Up to five publications, manuscripts (accepted for publication), abstracts, patents, or other printed materials directly relevant to the proposed project. Do not include manuscripts submitted for publication. Applicants should refer to instruction guides and specific FOAs (FOAs) to determine the appropriate limit on the number of publications that may be submitted for a particular program. Note that not all grant activity codes allow the inclusion of publications.

 

·          Publications in press:  Include only a publication list with a link to the publicly available on-line journal article or the NIH Pub Med Central (PMC) submission identification number. Do not include the entire article.

·          Manuscripts accepted for publication but not yet published: The entire article may be submitted electronically as a PDF attachment.

·          Manuscripts published but a publicly available online journal link is not available:  The entire article may be submitted electronically as a PDF attachment.

·          Surveys, questionnaires, data collection instruments, clinical protocols, and informed consent documents.

·          Graphic images of gels, micrographs, etc. provided that the image (may be reduced in size) is also included within the (stated) page limit of Items 2-5 of the Research Plan component. No images may be included in the Appendix that are not also represented within the Research Plan.

 

Please note the following restriction on appendix attachments: The Research Plan Appendix attachments are limited to 10 attachments. Appendices are uploaded as attachments in the PHS 398 Research Plan form, in field #18, within the electronic application package. An applicant will receive an error message if the number of appendix attachments exceeds 10, which will result in an unsuccessful submission of the application. You may include more than one publication, or other allowable appendix material, within one attachment; however, do not let your attachments exceed 10.”

Do not use the Appendix to circumvent the page limitations of the Research Plan component. An application that does not observe the relevant policies and procedures may not be considered in the review process. Applicants are reminded to review specific FOAs for any additional program-specific guidance on Appendix material and other application requirements.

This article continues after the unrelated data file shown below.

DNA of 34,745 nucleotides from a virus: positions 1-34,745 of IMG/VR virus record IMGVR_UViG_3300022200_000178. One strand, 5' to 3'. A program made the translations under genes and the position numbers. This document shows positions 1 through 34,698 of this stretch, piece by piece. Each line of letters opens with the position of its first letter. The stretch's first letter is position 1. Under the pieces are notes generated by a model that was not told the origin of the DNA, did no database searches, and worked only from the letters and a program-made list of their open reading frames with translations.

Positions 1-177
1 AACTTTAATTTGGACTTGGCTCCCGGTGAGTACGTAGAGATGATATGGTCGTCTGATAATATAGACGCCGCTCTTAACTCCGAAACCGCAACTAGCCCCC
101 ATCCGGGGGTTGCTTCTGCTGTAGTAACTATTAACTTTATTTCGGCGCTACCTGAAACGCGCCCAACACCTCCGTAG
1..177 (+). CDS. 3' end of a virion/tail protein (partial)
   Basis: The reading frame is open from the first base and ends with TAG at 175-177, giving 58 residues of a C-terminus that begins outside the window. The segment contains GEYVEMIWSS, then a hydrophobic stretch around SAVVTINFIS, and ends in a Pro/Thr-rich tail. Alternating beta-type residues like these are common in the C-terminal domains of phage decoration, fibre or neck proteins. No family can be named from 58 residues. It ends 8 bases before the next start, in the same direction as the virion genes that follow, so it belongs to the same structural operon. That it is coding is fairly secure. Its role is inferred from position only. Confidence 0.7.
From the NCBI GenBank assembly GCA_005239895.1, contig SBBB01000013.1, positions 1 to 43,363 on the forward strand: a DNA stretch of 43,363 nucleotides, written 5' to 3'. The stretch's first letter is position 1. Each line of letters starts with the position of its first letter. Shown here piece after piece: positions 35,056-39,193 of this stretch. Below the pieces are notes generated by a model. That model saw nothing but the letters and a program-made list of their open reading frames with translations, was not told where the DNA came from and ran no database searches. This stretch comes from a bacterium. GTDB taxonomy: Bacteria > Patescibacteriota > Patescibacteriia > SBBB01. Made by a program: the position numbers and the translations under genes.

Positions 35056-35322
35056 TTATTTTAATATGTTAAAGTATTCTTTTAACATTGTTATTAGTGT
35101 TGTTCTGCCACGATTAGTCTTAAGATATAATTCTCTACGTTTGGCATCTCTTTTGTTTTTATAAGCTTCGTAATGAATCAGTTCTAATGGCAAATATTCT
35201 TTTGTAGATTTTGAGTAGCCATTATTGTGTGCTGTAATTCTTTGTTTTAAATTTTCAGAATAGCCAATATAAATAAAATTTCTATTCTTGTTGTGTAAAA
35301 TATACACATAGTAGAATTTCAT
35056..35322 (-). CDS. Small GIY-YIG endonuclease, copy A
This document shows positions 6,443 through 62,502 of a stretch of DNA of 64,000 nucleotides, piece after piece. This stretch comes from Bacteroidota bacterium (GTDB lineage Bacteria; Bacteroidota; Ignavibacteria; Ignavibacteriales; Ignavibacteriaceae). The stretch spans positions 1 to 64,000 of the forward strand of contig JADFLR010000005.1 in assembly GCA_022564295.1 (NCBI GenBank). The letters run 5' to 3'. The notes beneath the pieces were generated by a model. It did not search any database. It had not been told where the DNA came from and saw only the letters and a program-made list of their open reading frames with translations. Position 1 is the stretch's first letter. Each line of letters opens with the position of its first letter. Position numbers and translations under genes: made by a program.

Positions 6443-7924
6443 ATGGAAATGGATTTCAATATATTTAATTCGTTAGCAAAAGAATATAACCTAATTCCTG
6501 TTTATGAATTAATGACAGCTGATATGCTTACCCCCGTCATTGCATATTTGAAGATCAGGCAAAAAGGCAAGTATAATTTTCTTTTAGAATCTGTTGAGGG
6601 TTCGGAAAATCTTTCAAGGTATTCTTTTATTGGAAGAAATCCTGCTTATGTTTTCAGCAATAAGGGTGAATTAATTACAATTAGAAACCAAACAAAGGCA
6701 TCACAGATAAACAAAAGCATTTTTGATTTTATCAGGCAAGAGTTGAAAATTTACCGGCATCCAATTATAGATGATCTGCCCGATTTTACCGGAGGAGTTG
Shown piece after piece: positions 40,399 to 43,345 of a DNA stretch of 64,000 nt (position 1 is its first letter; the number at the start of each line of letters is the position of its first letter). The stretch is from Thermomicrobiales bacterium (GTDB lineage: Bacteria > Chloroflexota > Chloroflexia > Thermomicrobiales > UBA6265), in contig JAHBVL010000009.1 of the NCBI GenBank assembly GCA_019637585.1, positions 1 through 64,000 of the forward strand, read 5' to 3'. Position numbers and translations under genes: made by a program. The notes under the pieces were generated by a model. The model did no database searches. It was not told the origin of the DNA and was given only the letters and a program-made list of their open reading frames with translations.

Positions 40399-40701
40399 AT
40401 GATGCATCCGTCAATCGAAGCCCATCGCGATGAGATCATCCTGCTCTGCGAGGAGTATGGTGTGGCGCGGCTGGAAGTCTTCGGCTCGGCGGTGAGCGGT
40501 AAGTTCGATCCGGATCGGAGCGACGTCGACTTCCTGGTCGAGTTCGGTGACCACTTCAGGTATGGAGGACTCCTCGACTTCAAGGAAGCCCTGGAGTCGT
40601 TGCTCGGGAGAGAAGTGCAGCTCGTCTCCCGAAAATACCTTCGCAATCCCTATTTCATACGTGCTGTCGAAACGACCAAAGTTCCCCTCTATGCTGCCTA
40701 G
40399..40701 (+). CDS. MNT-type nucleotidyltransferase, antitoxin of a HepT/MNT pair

Plan for Sharing Research Data

The precise content of the data-sharing plan will vary, depending on the data being collected and how the investigator is planning to share the data. Applicants should describe briefly the expected schedule for data sharing, the format of the final dataset, the documentation they will provide, whether or not any analytic tools also will be provided, whether or not a data-sharing agreement will be required and, if so, a brief description of such an agreement (including the criteria for deciding who can receive the data and whether or not the awardee will place any conditions on their use), and the mode of data sharing (e.g., under their own auspices by mailing a disk or posting data on their institutional or personal website, through a data archive or enclave). References to data sharing may also be appropriate in other sections of the application.

 

All applicants must include a plan for sharing research data in their application. The HHS/CDC data sharing policy is available at http://www.cdc.gov/od/pgo/funding/ARs.htm under Additional Requirements 25 Release and Sharing of Data. All investigators responding to this funding opportunity should include a description of how final research data will be shared, or explain why data sharing is not possible.

The reasonableness of the data sharing plan or the rationale for not sharing research data will be assessed by the reviewers. However, reviewers will not factor the proposed data sharing plan into the determination of scientific merit or the priority score.

 

Sharing Research Resources

HHS policy requires that grant award recipients make unique research resources readily available for research purposes to qualified individuals within the scientific community after publication (see the HHS Grants Policy Statement http://www.hhs.gov/grantsnet/docs/HHSGPS_107.doc.)  Investigators responding to this funding opportunity should include a plan for sharing research resources addressing how unique research resources will be shared or explain why sharing is not possible.